Support When You Need It

Author: Misty Blum

Misty BlumSome people describe the unexpected death of a spouse as having the air suddenly taken from their lungs, but I would have to disagree. I know that lack of air is certain death. It's been nearly three years since my husband died, and I'm still here. I think the death of a spouse or other close loved one is more like the loss of a limb. In most cases, it won't kill you but it will permanently alter every aspect of your life and how you live it. You will survive. You're just different. You have to relearn even the basics in life.

TAPS Peer Mentors are like being fitted with a prosthetic limb after the loss of your own. You could probably get by without one, but the introduction of such a device opens up new possibilities to get back to a “new normal" faster and with a renewed determination. The decision to accept a Peer Mentor is much like the choice to use your prosthetic limb. You make the call. We can be utilized as little or as much as you decide. We are there to assist in this new and sometimes painful journey. We want to provide a soft place to land when you need to fall apart. We won't tell you how to grieve, but we’ll provide a safe place to do so with peers who have been there.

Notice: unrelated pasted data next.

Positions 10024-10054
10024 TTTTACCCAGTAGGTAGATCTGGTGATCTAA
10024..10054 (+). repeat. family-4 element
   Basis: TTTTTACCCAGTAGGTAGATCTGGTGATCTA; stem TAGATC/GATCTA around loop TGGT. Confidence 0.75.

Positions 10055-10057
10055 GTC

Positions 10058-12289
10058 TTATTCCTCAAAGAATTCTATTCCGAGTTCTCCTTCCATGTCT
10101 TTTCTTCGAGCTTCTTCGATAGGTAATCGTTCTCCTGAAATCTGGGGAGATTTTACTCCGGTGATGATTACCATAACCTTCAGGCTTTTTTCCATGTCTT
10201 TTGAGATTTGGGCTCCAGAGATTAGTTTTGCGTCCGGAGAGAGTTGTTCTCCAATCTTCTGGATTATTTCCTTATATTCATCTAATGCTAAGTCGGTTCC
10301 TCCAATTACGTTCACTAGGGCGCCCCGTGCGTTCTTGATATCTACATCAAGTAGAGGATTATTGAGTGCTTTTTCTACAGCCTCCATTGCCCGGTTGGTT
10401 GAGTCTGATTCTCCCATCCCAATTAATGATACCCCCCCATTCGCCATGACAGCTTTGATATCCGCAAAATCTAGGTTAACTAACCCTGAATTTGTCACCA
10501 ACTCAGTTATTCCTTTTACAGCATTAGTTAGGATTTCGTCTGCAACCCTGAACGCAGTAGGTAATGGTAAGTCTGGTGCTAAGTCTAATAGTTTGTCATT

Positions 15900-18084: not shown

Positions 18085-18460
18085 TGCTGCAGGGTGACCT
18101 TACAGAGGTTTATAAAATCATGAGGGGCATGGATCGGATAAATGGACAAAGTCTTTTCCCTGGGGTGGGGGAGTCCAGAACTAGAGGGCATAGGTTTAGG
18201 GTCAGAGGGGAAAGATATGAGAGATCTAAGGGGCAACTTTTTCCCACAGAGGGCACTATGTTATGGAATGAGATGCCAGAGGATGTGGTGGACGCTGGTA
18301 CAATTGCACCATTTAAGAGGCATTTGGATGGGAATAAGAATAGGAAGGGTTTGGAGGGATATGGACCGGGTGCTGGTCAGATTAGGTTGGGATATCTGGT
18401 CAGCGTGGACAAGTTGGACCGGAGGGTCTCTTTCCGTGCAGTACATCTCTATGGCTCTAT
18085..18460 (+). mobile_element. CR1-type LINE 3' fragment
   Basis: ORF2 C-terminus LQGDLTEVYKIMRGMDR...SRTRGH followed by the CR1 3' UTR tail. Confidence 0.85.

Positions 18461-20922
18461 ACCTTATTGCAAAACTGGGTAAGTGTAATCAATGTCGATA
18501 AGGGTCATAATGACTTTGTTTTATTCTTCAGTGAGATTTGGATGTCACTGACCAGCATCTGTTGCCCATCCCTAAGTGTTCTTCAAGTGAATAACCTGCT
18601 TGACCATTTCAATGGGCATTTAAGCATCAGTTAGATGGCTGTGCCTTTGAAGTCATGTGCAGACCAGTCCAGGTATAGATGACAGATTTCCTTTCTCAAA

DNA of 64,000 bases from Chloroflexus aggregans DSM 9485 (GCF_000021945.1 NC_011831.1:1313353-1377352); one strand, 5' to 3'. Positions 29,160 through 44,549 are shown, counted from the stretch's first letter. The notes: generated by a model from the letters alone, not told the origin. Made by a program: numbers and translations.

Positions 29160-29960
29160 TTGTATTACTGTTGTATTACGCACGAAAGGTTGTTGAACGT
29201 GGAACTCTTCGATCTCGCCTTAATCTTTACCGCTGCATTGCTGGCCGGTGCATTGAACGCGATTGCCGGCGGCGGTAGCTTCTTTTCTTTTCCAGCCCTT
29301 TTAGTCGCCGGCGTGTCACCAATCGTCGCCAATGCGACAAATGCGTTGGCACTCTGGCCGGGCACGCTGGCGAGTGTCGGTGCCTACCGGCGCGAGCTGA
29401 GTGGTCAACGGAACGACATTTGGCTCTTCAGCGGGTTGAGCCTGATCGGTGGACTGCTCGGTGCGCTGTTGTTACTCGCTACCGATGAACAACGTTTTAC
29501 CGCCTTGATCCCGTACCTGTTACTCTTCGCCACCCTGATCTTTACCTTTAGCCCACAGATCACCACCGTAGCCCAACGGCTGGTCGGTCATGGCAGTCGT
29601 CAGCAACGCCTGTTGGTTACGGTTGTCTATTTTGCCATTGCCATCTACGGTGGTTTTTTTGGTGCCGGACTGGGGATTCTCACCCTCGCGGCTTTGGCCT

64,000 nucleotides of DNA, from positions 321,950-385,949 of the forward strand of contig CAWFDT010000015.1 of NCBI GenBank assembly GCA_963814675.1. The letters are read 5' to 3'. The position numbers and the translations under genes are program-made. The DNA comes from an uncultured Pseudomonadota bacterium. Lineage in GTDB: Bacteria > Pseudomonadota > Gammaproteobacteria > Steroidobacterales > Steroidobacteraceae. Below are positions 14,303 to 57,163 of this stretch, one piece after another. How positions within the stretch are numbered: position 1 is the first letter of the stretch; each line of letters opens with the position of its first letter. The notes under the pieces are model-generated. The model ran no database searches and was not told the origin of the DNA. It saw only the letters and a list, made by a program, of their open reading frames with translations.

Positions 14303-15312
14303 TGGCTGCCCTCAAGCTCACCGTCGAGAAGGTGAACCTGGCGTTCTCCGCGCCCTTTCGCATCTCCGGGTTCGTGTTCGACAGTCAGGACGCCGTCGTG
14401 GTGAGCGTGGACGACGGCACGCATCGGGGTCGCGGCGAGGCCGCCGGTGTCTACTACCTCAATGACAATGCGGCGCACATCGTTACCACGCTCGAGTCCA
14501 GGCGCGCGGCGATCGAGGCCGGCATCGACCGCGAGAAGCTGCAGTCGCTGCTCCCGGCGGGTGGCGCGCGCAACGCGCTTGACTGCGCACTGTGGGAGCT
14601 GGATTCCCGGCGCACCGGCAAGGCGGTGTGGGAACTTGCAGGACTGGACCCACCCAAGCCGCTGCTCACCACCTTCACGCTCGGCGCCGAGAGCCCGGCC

I became a Peer Mentor about a year ago. I was nervous about exactly what the training would entail. I decided to receive my training at the annual National Military Suicide Survivors Seminar. Don Lipstein primarily led the training class, and he was so passionate about what Peer Mentors do and helping survivors that I wanted to join him the moment he started speaking. The training was short but intense. Before we could become Peer Mentors we had to dig deep within ourselves and decide if we'd healed enough personally to see past our own loss in an effort to truly aid our potential mentees. There were tears and laughter but mostly a more comprehensive idea of exactly what was expected of us should we move on. I asked so many questions. We learned there is no right or wrong way to grieve, and our job isn't to tell new survivors how to get through it but to just "be there."

In my opinion, this is our first and most important job as Peer Mentors. Simply our presence. Because everyone is different. The way we grieve is also different. We let our mentees steer the relationship. Some survivors need constant support and assurance, and others just need to be reminded periodically that they aren't alone. I think a good Peer Mentor can pick up on the cues and follow the mentee’s lead. The training we receive and lessons we learn while mentoring cross over into our lives in how we interact with others outside of TAPS. The experience provides a wealth of knowledge. It really helps in understanding human nature and relationships.

Becoming a Peer Mentor has been one of the most empowering experiences since the death of my husband. I have moved from the role of a victim to one of a healer. That is so huge. Not only am I helping others in what studies have shown to be the most stressful event in adult life but they are helping me in return. That is profound. That is TAPS Peer Mentoring. I am grateful for my own Peer Mentors who were there for me in 2013, and I'm proud to assist those who come after me.